Mike O'Brien and Ed Murray urge investigation into Port's housing of Shell
at 5:15pm by David Kroman
Seattlepi.com broke the news a while back; The Stranger, arguably, made it a hot button issue: The Port of Seattle, whose motto is “Where a sustainable world is headed,” is leasing space to the Royal Dutch Shell oil company to house its Arctic drilling fleet.
Now, City Councilmember Mike O’Brien is urging the whole council to stand against that deal. He passed around a letter in Monday’s council briefing that argued the permit issued in 1996 for Terminal 5, where the Arctic fleet sits, was meant for cargo only. With regards to Shell’s occupancy, he said, “That use may be inconsistent with the existing permit.” He concluded by hoping for an investigation.
On KUOW’s Week in Review last Friday, Crosscut’s Knute Berger pointed to this as an example of a deep-seated conflict within Seattle: The city relies on and supports blue collar industries like the Port and Boeing, but citizens are often wary of the work they do.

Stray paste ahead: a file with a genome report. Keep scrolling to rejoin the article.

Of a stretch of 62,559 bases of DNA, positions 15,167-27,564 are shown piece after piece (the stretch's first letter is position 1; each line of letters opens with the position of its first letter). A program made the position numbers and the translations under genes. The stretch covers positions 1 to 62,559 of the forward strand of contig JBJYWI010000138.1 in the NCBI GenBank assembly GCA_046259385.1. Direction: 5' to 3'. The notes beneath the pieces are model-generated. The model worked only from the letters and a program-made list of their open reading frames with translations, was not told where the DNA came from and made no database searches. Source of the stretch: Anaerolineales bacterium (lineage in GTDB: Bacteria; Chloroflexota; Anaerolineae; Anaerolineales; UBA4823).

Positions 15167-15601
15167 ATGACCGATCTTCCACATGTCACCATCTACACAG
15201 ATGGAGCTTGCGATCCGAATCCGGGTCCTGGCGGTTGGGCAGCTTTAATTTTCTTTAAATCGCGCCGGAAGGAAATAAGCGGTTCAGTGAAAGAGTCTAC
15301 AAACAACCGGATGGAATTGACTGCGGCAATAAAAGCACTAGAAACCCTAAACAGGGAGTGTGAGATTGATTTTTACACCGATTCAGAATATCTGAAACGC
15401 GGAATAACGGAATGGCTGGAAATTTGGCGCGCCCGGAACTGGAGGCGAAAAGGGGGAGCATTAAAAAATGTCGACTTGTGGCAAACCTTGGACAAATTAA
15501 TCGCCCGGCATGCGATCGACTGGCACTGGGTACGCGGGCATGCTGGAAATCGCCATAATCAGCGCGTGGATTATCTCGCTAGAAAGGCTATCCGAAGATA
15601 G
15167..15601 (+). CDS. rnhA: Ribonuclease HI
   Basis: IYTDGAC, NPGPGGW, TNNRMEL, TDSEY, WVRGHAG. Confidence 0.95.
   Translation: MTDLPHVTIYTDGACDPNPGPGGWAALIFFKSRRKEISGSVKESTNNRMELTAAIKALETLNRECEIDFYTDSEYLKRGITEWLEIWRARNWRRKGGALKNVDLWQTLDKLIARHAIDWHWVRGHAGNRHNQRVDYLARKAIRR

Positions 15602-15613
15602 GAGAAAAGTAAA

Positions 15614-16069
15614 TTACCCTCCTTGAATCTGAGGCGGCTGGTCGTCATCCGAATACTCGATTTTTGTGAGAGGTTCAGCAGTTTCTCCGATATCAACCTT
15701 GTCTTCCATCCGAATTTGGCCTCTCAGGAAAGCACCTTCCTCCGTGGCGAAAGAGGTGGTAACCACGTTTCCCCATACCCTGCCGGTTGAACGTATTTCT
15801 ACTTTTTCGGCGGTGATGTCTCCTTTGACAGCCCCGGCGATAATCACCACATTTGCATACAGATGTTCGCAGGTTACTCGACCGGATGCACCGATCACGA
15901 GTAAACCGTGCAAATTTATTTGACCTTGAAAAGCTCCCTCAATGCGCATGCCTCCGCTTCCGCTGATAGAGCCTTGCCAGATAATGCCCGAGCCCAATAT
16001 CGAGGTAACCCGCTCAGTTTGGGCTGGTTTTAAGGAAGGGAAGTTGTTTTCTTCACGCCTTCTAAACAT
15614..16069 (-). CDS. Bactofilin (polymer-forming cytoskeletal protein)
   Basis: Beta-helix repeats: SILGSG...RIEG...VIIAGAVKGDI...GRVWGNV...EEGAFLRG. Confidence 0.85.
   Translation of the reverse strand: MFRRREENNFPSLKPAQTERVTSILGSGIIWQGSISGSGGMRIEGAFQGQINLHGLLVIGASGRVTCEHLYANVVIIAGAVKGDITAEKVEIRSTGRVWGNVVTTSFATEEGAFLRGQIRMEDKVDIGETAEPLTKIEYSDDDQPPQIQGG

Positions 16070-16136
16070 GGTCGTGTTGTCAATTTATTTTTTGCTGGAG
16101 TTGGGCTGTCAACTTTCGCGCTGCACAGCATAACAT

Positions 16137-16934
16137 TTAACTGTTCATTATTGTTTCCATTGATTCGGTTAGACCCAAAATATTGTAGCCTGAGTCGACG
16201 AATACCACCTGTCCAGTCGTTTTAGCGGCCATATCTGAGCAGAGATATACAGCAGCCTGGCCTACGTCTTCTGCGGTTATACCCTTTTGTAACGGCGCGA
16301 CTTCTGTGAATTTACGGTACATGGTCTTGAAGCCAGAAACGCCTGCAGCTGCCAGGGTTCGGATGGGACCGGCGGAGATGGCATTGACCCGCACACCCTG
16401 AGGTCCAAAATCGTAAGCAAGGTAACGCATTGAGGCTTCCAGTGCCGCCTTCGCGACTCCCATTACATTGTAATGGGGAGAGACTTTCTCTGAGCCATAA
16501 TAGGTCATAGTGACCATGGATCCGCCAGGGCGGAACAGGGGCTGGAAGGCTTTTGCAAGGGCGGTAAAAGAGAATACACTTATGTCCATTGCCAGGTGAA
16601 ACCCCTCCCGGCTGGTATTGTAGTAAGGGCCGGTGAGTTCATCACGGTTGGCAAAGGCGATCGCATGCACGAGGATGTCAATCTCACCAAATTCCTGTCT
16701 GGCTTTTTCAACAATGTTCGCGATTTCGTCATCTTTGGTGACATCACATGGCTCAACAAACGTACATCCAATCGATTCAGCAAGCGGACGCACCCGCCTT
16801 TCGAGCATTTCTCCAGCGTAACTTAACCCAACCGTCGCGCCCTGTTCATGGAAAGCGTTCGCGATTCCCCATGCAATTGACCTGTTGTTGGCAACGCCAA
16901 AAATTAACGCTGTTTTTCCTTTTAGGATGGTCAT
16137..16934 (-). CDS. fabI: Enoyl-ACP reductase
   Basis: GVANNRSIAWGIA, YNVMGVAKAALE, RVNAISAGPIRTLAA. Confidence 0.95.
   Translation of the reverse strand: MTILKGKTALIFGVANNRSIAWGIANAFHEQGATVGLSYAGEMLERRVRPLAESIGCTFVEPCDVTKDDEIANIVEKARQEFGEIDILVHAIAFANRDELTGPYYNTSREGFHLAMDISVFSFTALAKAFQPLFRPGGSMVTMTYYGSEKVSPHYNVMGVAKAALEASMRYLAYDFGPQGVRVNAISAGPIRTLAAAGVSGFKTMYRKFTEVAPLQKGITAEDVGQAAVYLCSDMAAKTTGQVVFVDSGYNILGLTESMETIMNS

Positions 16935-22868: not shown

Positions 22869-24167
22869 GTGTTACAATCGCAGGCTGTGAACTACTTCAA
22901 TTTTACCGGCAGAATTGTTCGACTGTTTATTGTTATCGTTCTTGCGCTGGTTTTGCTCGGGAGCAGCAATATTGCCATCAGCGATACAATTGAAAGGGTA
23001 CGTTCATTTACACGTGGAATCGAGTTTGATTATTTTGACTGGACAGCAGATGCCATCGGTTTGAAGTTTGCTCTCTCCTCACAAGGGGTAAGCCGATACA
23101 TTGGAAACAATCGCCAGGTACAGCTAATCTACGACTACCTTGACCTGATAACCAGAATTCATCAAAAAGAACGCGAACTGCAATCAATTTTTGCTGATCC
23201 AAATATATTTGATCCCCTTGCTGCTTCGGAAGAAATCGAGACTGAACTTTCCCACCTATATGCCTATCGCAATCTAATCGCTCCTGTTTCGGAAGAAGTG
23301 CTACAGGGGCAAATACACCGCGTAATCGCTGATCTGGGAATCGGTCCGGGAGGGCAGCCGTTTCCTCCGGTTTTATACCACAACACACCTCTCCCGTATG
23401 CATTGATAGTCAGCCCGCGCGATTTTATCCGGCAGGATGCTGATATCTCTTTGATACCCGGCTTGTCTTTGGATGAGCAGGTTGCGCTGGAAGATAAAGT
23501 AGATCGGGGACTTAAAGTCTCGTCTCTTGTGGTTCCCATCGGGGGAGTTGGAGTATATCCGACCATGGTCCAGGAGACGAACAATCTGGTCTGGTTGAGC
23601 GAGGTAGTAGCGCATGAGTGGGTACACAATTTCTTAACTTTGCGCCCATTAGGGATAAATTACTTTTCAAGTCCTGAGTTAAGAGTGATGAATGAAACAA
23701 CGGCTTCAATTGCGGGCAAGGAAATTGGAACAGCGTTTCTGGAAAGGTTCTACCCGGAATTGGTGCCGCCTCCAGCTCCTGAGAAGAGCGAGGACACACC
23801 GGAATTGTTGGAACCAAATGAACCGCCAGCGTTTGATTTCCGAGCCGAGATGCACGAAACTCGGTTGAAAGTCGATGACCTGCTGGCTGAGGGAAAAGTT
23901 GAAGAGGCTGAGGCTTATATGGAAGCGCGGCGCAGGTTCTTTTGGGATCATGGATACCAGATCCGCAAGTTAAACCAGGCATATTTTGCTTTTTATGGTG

Some argue if Seattle doesn’t play host, someone else will. “The issue is whether we and Seattle enjoy the benefit of the jobs this will reap,” said Paul Stevens, CEO of Foss in a post on the West Seattle Blog. But K.C. Golden, policy director at Climate Solutions, said in seattlepi.com, “The model of fossil fuel development is not consistent with goals of this community. It is time to stand up to the fossil fuel industry.”
O’Brien appeared to have support from his council colleagues and, he says, from the mayor: “The mayor’s office is interested in signing on to this letter.”
Update 5:20 PM: As reported by the Stranger, Mayor Ed Murray asked the Seattle Department of Planning and Development to “conduct a thorough review of the Terminal 5 proposal” from the Port of Seattle so that all environmental and economic impacts of the lease are “sufficiently disclosed” to the public. The move by the mayor hopscotches over O’Brien’s letter, which was urging exactly this action.